The thirty defined error codes are listed below. Microsoft has a relatively small set of possible corrective actions:
Enable the Device: In Microsoft's vision, the device has been disabled by the user and can be reenabled via the Device Manager by selecting the appropriate configurations, then rebooting. More commonly the device has been disabled by Windows and it will be necessary to Find Another Driver (not necessarily for the device that is disabled) or do some serious Troubleshooting.
Examine the Configuration: This is recommended in a few cases where device seems to be missing, inoperative or behaving strangely. Check for loose, missing, or misoriented cables; plugs or cards that are not seated properly; or status lights that appear improper. Some plugs can be safely reseated with power on, but many things can not. When in doubt, power off, reseat, and power on.
Find a new Driver: "Driver" here means the device driver(s) itself and/or any .INF files used to install them. Downloadable Driver files generally include all software needed including the .INF files. They are available from many web sites and often from the device manufacturer. They can be installed via Remove and Replace to be described later. In some cases, there is a Driver property sheet in the Device Manager that includes a button for Changing the Driver.
Manually Configure: This entails manually allocating resources from the Resources tab in the Device Manager. Some devices don't allow this and others require clearing the checkmark on Automatic Configuration.
Reboot: This is required in a few cases. It is preferable to shut down the computer and turn the power off, then power back on rather than selecting Restart from the start menu. Cycling power returns the device to it's nominal state. Restarting may not.
Remove and Replace the device: In Microsoft's vision the Device is logically (not physically) removed in the Device Manager (System icon in the Control Panel) then reinstalled using the Control Panel Add New Hardware. That sometimes works. Sometimes it is better/less painful to logically remove the device and allow it to be redetected on the next boot. It may be preferable to boot to Safe Mode before removing the device as extra, redundant, copies of the device entry are visible and removable only in Safe Mode. In many cases, it may be necessary to load device drivers manually rather than allowing Microsoft to search for the device. That is an option available in the Add New Hardware sequence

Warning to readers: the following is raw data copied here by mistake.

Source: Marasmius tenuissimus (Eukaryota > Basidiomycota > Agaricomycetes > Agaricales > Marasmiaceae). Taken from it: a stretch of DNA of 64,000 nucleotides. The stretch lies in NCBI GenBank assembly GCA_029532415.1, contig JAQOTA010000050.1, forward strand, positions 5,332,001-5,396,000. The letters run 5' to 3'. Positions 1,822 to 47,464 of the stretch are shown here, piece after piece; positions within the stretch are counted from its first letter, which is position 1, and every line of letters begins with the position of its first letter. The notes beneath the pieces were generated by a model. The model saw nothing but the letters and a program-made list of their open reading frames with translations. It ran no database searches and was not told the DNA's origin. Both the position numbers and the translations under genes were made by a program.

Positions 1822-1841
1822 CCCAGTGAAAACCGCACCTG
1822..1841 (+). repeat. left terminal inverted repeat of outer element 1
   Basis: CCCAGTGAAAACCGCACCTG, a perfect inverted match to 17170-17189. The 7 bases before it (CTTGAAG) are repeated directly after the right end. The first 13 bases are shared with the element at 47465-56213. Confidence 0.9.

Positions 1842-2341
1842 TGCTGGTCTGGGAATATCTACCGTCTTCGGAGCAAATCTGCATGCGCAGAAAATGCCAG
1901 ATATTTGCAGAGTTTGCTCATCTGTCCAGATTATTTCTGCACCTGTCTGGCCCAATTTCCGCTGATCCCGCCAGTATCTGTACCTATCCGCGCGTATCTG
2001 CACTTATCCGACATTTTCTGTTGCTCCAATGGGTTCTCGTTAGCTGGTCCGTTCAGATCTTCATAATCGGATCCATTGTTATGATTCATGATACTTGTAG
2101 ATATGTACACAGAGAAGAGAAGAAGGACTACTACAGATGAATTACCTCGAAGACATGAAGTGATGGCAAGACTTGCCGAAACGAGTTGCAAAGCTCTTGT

Remove real mode driver: This indicates that a real mode driver installed in Config.sys, Autoexec.bat, or some other start up file is believed to be conflicting with a protected mode driver for the same device. In many cases, removing the driver by commenting out the line that loads it and restarting will work. In a few cases, it may be preferable to retain the real mode driver and disable the protected mode device, or to find a new, compatible, driver.
Tinker with CMOS: This appears to address situations where PNP and non-PNP devices are in conflict about resources. CMOS settings for this situations are not standardized and may not even be available. It will possibly be necessary to research details of how the specific BIOS handles Plug and Play devices.
Troubleshoot: Windows includes a Hardware Troubleshooter which may be of some value to some users sometime. A more complex and complete troubleshooting discussion is available at http://support.microsoft.com/kb/q133240 Microsoft shuffles their web pages every year or two, but in past shuffles the article Q number (Q133240 in this case) has generally been retained and can be used in searches to locate the new page.
Return To Index Copyright 1994-2002 by Donald Kenney.